Kenneth Noland ranks among the most recognized artists of the Color Field and Post Painterly Abstraction. Well-known for his colored concentric circles, chevrons and stripes, he is considered as “one of the great colorists of the 20th century” by Karen Wilkin, the author of a monograph on Noland. “His art was from start to finish an art of color, part of a long tradition that dates in the modern era to Impressionism, runs through Cézanne and Matisse, into the twentieth century, to Morris Louis, and Helen Frankenthaler.” writes the author. “To the end, Noland added to that tradition by exploring ways of color painting virtually unimaginable, and often without precedent. As he worked into the twenty- first century, his art took on more and more color and therefore more light. This was a new direction for Noland, making the trajectory of his art all the deeper and wider. His light will surely remind us of the golden hues of the American Luminist painters of the nineteenth century.”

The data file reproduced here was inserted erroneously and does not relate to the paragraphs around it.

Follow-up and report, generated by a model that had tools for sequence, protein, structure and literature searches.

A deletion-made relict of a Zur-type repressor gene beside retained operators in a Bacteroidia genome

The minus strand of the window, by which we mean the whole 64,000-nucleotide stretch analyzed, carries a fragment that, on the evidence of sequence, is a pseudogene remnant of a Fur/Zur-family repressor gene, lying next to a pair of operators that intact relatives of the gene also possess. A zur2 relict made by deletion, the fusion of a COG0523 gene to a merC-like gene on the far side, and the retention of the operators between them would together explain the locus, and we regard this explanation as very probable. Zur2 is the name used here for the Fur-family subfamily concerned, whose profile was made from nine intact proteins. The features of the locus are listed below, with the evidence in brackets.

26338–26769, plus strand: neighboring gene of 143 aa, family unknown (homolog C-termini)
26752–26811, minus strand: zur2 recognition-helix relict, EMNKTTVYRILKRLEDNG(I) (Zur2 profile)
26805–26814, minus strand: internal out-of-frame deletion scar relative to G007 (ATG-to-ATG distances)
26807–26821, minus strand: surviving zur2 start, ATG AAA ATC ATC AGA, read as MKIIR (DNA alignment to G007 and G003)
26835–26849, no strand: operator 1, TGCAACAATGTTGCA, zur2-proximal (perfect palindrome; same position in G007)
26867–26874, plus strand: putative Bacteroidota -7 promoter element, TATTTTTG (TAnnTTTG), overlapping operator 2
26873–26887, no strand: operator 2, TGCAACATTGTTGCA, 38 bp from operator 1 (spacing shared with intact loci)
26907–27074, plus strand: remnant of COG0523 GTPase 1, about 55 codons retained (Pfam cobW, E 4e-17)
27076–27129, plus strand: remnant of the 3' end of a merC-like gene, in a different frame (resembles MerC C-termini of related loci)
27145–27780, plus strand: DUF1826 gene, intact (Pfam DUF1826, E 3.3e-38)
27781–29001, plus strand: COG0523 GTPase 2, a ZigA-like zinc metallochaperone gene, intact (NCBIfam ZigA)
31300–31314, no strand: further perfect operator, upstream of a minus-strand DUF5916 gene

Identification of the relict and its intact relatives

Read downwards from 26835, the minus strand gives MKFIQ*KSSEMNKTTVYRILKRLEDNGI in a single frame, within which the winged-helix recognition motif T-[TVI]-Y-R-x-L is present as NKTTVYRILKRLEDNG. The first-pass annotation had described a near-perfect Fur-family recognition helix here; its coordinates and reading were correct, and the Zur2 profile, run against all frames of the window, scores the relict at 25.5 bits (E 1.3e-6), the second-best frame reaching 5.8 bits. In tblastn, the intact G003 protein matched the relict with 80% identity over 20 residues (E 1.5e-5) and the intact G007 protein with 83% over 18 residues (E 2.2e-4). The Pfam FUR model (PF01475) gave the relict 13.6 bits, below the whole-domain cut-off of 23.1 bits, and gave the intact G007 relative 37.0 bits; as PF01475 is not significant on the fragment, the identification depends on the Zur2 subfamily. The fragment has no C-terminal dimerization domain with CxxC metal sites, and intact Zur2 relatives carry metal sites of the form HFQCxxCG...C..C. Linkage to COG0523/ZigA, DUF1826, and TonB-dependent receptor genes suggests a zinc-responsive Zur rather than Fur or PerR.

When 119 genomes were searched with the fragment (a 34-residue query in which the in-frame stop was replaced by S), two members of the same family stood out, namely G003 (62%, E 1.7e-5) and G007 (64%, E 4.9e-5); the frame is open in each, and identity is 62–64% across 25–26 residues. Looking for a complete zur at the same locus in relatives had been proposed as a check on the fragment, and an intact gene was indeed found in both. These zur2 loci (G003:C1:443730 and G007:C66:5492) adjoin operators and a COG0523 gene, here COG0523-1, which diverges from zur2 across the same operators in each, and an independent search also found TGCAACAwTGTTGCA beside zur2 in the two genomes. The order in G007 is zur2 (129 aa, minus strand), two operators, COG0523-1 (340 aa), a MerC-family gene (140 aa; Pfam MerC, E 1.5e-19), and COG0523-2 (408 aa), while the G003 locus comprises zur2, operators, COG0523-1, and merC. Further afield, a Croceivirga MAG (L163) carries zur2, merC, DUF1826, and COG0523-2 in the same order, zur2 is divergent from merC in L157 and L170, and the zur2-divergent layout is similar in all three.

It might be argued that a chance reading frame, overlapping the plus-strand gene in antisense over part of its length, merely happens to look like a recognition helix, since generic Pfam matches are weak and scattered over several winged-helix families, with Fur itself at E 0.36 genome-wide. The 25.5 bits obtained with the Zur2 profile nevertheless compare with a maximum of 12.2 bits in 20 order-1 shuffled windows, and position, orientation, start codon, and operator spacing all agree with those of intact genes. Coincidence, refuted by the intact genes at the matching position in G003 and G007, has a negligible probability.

Noland spent years exploring the implications of the stripes inventing seemingly endless variations, from complex orchestrations of multiple stripes to empty centers with concentrated groupings at top and bottom. In the 70s, he adds a new movement in his work, giving more space for more color experimentation. For works such as Interlock Color (1973), and others from the plaids series, vertical fields are dissected by slender grids and the places where bars overlap are emphasized by changes in color and density. The plaids while predominantly vertical, also included several square diamonds. In some of his shaped canvases of this period, Noland at once emphasized and distorted the edges of his shapes by means of color changes and groupings of color bands. From the end of the 70s, and over the next few years, the shapes ranged from relatively regular near-rectangles, slightly irregular, to unconventional irregular hexagons and unamenable, culminating in the slender figures sometimes referred to as surfboards from 1981-82 (such as Begin and End, 1981). With the chevrons of the 1980s, surfaces are newly opulent, there is a new emphasis on layering and transparency, a true mutability of color. As in Comet (1983), Noland transforms the chevrons into what are essentially brand new works and interjects a veritable primer on new varieties of color application. In the paintings of the last years, such as Into the Cool No.9 (2006) and Burst (2006) “he combined all he had discovered over the course of this latest series, a perfect pitch, a fusion of emphatic color at right center to barely discernible at left and center bottom; an in and out weaving of pinks and blues; quasi geometric shapes with an amorphous bleeding of the hues with a touch of mastery that certifies Noland’s genius. Then, almost as an exit, a single line from the bottom of the circle to the lower edge takes us quietly out of the gentle pictorial turmoil of the painting.” With the strong but quiet paintings of the last years, Noland creates a meditative aura that invites the viewer into a private dialogue with the art, the artist, and world around us.